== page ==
Khalil goes so far as to stand Younes in front of him and move him, a human mannequin, in a pretend dance.
A French actress and her fiancé director enter the scene. They ask for a tour of Shatila Refugee Camp for a Jean Genet play entitled, “Four Hours in Shatilla,” which is about the 1982 massacre. As a survivor of the massacre, Khalil exhibits post-traumatic stress disorder when he sees the cross of Lebanese forces around the neck of a man in an East Beirut restaurant. Selem Assaad, another survivor of the massacre, sells shampoo that turns white hair dark. He remembers the lime powder firemen spread on decomposing, swollen bodies in the massacre. Most likely, Selem suffers from post-traumatic stress disorder also.
In a flashback scene, Nahila has her final meeting with her husband Younes and says: “…and the same fire that burns us burns you.”
For years, Nahila remained obedient to Younes’ wishes. Yet, the romantic dimension of their marriage wore off for her long ago. She revolts against him, and she tells him how she really feels about her lifetime struggle of raising children as a single mother under occupation. The woman’s perspective shines forth in their interaction because Nahila talks about the diverse roles she played over the years. It tired her. Nahila gives voice to the thousands of Palestinian woman like her, who play single-mother, father, provider, and nurturer throughout these political events and tragedies. Some of them experience domestic abuse, like Shams. They take crap from the soldiers, who know they live without a husband. They deal with it because society expects it of them.
While bearing the burden of socio-economic hardships that result from occupation, a Palestinian woman, such as Nahila, is the hearthstone of a dispossessed house. Nahila’s wish is that the cave where she and Younes shared unoccupied space as man and wife on their native land will be blocked from stones, “…because it’s the only free place in Palestine where Israelis have not set foot.”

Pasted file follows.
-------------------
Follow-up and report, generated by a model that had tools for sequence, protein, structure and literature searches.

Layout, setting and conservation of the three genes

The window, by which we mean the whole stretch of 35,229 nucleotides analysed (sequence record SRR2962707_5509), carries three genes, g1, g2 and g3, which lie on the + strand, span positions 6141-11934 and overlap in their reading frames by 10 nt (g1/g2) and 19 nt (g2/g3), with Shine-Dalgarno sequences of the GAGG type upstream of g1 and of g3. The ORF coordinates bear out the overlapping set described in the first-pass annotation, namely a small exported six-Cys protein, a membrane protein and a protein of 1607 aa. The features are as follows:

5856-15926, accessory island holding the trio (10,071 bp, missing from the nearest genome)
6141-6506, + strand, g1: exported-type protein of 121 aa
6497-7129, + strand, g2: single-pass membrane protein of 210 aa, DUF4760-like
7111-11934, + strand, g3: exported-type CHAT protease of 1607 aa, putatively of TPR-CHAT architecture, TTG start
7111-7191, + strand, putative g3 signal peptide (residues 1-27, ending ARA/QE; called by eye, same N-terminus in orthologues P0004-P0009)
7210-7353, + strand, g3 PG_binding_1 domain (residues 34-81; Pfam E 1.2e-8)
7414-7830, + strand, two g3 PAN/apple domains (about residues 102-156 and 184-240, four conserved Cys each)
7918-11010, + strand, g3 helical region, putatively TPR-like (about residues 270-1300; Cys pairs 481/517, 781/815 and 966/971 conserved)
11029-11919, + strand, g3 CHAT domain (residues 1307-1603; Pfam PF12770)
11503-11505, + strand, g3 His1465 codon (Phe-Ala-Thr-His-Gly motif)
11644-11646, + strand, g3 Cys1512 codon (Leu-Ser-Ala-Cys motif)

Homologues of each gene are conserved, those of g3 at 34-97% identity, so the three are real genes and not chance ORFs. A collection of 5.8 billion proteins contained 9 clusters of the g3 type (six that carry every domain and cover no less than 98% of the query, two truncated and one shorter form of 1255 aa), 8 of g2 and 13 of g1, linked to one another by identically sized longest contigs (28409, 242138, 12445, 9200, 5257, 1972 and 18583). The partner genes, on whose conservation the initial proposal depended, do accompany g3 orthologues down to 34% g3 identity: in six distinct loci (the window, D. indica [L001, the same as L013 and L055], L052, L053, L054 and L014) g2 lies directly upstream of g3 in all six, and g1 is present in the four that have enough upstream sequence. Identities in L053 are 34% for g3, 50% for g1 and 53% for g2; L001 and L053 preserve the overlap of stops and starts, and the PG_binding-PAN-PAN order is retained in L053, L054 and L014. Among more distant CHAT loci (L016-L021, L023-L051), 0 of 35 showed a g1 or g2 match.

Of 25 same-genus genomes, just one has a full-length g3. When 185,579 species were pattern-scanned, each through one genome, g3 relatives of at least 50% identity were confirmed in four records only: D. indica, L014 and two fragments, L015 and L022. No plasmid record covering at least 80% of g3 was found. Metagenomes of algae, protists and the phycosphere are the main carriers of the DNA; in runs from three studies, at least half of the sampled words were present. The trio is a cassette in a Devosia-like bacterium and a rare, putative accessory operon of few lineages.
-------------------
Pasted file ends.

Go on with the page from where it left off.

Even though Khalil’s storytelling appropriates Nahila’s life experiences, Nahila represents Palestinian women, whose determination enabled life under decades of oppression possible. Through her heartfelt emotions, her family survives.
Directed by: Yousry
Produced by: Humbert Balsan
Co-Produced by: ARTE France; Ognon Pictures
Novel by: Elias Khoury
Starring: Rim Turki; Orwa Nyrabeya; Bassel Khayyat; Nadira Omra; Hala Omran.
Music: Marcel Khalife; Tamer Karawan
Country of production: France/Egypt
Language: Arabic, French and English, with English subtitles
Sonia Nettnin is a freelance writer. Her articles and reviews demonstrate civic journalism, with a focus on international social, economic, humanitarian, gender, and political issues. Media coverage of conflicts from these perspectives develops awareness in public opinion.
Nettnin received her bachelor's degree in English literature and writing. She did master's work in journalism. Moreover, Nettnin approaches her writing from a working woman's perspective, since working began for her at an early age.
She is a poet, a violinist and she studied professional dance. As a writer, the arts are an integral part of her sensibility. Her work has been published in the Palestine Chronicle, Scoop Media and the Washington Report on Middle East Affairs. She lives in Chicago.